1. 1 jmoharris

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    Hi Babak,

    The voting at AAII.com goes for the full week prior to the published results, I believe. I just voted on AAII.com today and I believe that vote will count on next week’s results.

    Cheers,

    Jason

  2. 2 Tony

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    and what did you vote Jason? : )

  3. 3 Justin

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    Where’s the whoosh? I have not seen no stinking whoosh, like we did in march of 09. Your not suggesting that the past month and a half is a whoosh, are you? Take care.

  4. 4 Justin

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    One more question: how much are the algos influencing the osilators? Would they not exacerbate them many times over compared to, “real market action?”

  5. 5 jmoharris

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    Hi Tony,

    LOL!

    In truth I only voted to see if the voting takes place for the entire week prior to the results being released. But I voted “bearish”. Truth be told, I am probably a one-man contrary indicator!!

  6. 6 Justin

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    Guys, we didn’t even retrace 1/3 of the move off the march 09 low. Could there be a fundamental sift in the way these indicators operate given our internet world? How are the questions posed?

  7. 7 Tony

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    earnings seasons opex baby

    feel the love:

  8. 8 PJ

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    Here is what I can’t get right. Trading. I often read many web sites and get a good feeling for which site gets it right most of the time. Traders narrative is one of the top web sites for me.

    Here is what I did and lost some money on. I bought DXD on 6/23 for 28.33 and sold it out of fear for 27.77. Then the market went down on me and the shoulda, coulda, woulda got me again. Trading a market with this type of volatility is hard.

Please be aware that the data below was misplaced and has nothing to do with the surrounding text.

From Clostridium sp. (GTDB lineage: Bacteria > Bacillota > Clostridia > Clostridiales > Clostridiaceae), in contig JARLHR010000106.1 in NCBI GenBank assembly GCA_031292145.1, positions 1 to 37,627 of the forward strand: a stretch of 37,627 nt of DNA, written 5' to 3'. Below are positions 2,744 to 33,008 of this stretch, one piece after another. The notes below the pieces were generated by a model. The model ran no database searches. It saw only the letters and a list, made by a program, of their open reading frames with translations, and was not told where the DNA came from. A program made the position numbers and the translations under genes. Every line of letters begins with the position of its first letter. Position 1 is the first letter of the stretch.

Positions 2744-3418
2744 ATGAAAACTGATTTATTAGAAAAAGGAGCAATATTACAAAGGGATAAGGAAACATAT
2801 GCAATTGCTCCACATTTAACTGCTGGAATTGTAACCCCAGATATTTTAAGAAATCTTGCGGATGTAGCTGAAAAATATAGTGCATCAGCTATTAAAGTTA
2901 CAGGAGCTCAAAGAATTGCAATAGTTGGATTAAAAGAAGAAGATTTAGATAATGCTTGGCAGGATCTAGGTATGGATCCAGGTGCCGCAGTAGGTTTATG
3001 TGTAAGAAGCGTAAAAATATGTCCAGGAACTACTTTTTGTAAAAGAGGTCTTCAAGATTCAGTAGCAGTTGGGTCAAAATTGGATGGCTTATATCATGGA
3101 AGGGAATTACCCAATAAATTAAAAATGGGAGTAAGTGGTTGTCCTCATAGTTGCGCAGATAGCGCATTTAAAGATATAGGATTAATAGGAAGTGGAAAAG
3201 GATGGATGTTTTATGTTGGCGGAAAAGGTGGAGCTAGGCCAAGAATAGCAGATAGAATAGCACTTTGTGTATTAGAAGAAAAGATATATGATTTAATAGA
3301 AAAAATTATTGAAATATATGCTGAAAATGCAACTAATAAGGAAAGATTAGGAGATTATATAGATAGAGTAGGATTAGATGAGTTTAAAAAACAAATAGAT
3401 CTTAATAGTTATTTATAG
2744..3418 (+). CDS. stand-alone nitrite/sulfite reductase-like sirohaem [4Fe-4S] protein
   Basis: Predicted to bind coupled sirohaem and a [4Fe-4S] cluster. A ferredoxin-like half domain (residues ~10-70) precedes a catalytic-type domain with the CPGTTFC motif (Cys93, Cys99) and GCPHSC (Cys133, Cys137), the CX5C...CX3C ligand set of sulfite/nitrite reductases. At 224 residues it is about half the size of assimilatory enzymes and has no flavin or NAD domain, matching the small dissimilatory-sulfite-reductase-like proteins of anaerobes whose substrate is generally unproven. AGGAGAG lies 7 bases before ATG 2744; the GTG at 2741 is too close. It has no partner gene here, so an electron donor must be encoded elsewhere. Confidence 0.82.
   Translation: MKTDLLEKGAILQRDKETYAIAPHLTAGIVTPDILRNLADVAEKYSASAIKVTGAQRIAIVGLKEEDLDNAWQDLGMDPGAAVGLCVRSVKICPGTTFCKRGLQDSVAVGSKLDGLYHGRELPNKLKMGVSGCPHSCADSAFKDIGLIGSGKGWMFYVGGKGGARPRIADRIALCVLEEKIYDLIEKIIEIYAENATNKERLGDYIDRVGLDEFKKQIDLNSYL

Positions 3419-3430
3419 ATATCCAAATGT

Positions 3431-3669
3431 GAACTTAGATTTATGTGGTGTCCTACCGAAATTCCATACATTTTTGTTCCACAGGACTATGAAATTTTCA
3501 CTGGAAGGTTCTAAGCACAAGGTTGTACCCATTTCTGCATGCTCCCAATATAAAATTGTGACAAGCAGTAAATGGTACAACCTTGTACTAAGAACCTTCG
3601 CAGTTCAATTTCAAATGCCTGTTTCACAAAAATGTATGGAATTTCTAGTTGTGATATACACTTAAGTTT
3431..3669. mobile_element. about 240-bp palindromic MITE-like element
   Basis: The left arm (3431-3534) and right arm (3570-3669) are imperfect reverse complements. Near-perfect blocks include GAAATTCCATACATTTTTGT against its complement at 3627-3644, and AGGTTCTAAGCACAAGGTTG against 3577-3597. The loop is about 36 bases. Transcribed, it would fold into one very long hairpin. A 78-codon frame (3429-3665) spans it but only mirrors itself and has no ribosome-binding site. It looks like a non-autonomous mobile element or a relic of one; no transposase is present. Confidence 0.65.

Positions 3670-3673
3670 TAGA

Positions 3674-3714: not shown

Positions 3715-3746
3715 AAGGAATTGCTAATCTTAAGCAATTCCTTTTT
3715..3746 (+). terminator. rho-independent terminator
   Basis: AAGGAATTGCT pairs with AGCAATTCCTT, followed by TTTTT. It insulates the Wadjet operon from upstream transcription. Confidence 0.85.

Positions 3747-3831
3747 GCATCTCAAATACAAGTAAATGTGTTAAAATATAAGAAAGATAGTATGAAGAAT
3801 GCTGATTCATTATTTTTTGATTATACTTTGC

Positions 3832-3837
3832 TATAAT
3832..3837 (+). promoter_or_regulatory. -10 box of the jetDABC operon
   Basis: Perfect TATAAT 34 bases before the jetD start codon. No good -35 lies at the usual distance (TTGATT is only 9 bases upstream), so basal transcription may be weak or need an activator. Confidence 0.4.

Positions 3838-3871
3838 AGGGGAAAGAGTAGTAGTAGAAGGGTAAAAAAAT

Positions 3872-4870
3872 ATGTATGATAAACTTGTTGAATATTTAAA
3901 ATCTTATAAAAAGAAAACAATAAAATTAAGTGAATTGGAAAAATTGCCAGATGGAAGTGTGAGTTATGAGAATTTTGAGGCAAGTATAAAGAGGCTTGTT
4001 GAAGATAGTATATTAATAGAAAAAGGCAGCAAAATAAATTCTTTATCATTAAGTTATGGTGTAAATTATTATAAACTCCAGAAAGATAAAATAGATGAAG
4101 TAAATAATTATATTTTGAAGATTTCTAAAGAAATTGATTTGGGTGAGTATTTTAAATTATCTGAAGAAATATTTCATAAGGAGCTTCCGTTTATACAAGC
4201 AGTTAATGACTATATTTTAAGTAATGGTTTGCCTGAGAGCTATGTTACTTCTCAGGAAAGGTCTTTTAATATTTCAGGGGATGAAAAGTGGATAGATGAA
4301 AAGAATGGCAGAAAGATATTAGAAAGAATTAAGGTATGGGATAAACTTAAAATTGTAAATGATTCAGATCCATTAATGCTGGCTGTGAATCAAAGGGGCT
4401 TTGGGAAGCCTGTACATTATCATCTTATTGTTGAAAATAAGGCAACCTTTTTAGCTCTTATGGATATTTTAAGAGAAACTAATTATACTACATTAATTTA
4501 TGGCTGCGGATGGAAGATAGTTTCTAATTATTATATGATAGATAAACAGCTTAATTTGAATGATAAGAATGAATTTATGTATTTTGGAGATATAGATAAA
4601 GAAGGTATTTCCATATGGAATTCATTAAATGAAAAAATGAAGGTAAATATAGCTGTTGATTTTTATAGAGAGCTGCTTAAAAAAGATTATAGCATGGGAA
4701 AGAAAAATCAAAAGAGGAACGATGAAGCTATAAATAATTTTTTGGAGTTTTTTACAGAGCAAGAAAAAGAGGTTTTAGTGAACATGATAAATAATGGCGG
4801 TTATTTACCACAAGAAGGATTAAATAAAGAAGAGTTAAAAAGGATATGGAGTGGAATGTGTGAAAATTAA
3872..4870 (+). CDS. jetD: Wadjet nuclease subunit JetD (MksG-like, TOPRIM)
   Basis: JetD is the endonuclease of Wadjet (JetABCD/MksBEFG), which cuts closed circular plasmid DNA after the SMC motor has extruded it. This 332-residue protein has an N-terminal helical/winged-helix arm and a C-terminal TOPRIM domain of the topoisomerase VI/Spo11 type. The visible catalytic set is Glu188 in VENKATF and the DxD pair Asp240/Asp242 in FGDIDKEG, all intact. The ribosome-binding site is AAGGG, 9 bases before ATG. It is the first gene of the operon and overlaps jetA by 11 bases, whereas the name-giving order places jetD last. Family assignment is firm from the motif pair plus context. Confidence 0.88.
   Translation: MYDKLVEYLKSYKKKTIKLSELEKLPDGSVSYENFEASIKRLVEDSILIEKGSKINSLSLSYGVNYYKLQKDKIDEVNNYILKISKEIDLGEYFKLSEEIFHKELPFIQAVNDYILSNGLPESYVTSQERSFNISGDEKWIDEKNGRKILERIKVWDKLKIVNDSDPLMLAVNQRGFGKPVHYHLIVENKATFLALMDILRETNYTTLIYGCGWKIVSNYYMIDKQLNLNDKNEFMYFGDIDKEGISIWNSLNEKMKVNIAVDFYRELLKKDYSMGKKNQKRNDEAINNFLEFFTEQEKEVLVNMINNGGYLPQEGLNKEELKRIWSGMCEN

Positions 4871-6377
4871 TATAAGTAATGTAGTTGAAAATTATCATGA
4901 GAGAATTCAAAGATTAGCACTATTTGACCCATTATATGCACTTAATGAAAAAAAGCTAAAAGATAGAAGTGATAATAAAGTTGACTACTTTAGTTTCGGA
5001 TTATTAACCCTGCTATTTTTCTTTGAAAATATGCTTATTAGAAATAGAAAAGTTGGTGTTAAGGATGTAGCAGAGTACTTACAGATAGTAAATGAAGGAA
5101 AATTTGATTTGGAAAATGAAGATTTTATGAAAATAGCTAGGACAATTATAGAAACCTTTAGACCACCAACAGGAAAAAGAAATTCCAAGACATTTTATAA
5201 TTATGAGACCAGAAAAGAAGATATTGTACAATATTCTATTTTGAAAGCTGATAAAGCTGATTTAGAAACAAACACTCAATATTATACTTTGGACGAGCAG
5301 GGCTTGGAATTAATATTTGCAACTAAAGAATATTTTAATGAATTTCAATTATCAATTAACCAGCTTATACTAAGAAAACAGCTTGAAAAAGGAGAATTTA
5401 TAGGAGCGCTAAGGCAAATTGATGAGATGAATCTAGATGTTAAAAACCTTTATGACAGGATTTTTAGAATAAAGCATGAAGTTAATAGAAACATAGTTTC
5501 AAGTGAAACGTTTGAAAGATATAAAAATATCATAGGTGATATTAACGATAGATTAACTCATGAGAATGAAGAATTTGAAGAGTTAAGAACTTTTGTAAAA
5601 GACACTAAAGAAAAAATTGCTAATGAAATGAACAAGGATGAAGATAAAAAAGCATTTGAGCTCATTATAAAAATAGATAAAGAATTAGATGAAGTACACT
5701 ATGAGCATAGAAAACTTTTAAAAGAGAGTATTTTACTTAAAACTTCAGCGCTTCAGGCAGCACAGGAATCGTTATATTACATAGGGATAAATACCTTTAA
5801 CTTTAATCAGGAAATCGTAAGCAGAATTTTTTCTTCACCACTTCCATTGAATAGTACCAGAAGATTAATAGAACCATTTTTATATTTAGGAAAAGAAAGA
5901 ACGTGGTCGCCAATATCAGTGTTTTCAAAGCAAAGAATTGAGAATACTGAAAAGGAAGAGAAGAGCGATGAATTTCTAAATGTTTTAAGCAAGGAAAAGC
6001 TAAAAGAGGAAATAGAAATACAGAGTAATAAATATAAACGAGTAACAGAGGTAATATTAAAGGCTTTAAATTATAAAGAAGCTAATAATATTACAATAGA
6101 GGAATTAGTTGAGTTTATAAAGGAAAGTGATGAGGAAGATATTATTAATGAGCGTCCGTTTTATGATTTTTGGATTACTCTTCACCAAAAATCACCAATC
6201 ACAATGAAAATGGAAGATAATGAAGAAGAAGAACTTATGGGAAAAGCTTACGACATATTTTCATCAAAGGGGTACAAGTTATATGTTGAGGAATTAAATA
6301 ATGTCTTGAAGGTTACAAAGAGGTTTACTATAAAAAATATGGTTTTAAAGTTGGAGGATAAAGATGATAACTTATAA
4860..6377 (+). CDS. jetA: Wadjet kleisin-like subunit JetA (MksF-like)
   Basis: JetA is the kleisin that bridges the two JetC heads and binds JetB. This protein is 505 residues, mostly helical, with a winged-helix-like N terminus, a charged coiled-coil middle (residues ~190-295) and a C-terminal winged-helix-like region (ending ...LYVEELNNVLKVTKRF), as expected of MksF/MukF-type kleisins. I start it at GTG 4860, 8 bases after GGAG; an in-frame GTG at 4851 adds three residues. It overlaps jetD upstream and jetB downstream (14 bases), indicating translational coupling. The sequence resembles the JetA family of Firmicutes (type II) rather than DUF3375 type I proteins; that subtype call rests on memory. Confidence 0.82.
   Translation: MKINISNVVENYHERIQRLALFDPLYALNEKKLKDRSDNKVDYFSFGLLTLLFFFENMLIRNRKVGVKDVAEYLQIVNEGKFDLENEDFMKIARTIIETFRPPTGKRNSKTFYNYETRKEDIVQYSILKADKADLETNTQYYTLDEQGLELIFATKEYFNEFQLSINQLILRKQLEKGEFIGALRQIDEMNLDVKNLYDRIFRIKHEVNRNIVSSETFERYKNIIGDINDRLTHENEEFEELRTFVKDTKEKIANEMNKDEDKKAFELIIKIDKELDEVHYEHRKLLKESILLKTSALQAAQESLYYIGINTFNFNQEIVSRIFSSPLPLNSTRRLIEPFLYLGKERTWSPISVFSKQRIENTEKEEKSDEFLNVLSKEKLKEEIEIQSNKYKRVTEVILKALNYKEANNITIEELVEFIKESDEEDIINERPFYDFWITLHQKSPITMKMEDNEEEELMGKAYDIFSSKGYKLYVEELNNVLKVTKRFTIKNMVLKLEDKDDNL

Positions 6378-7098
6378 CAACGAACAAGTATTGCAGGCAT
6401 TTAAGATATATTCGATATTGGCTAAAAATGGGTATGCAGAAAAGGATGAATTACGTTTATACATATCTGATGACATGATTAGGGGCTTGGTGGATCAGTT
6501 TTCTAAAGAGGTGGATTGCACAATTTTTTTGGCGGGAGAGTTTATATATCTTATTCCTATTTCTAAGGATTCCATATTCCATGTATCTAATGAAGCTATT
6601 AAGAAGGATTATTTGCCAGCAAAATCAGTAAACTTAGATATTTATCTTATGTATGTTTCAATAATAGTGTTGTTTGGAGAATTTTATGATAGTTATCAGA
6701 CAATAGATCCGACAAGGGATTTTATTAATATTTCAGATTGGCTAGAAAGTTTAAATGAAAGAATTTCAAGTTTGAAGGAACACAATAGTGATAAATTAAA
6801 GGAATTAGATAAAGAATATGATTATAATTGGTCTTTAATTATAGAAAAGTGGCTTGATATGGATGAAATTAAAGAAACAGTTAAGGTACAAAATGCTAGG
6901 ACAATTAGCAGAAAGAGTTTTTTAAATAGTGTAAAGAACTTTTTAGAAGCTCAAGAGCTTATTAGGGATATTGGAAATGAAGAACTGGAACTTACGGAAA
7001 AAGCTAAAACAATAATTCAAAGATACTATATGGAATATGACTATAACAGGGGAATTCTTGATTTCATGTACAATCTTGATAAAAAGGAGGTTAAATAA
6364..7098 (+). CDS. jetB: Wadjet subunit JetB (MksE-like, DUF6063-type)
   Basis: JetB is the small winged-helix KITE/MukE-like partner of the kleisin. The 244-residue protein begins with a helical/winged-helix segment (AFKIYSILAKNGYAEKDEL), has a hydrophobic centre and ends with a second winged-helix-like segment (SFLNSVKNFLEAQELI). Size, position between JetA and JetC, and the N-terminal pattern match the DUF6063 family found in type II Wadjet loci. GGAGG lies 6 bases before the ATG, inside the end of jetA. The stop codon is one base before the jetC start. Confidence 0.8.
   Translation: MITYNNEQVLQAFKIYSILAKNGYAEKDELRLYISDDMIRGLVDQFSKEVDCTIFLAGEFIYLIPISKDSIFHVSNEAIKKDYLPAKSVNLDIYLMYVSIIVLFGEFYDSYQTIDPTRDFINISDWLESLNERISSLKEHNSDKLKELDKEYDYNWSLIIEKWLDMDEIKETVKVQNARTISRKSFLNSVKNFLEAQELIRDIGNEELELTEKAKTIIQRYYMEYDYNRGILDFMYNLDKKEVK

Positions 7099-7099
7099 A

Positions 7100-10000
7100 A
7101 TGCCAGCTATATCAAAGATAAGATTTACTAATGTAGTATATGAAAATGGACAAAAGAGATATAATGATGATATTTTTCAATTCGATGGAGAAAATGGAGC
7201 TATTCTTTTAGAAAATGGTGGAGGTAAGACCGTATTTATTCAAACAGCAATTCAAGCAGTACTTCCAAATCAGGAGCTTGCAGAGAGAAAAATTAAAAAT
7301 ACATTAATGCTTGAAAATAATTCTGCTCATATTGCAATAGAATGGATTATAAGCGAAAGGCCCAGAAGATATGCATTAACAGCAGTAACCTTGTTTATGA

Fundamentally the economy is stagnating. Technically the market is either a correction attitude or believes that the economy is slowing down. I have been watching the new highs/new lows and the advance/decline ratios. Volume I cant get a good handle on (C,BAC etc. volume) because I feel it is obscured in some way. Whether it is heavy, normal, new normal is cloudy. Up vs. down volume is easy to distinguish.

    So I will continue to seek guidance, wisdom and insightfulness from this web site for what may be the next opportunity. Plus I need to make up for that loss. We all can’t live on a money market fund yield! LOL

  9. 9 Tony

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    you are not alone PJ…

  10. 10 Makemyday

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    I don’t have a good feeling re earnings season. Cuts have already been made and inventories used. It doesn’t look good to me, especially re future guidance. The world economy is decidedly moving slower and budget-cutting is the new normal (except here in the U.S. Where we think we can stimulate the world! Let’s face it! The only job growth here is the gov’t!

  11. 11 BO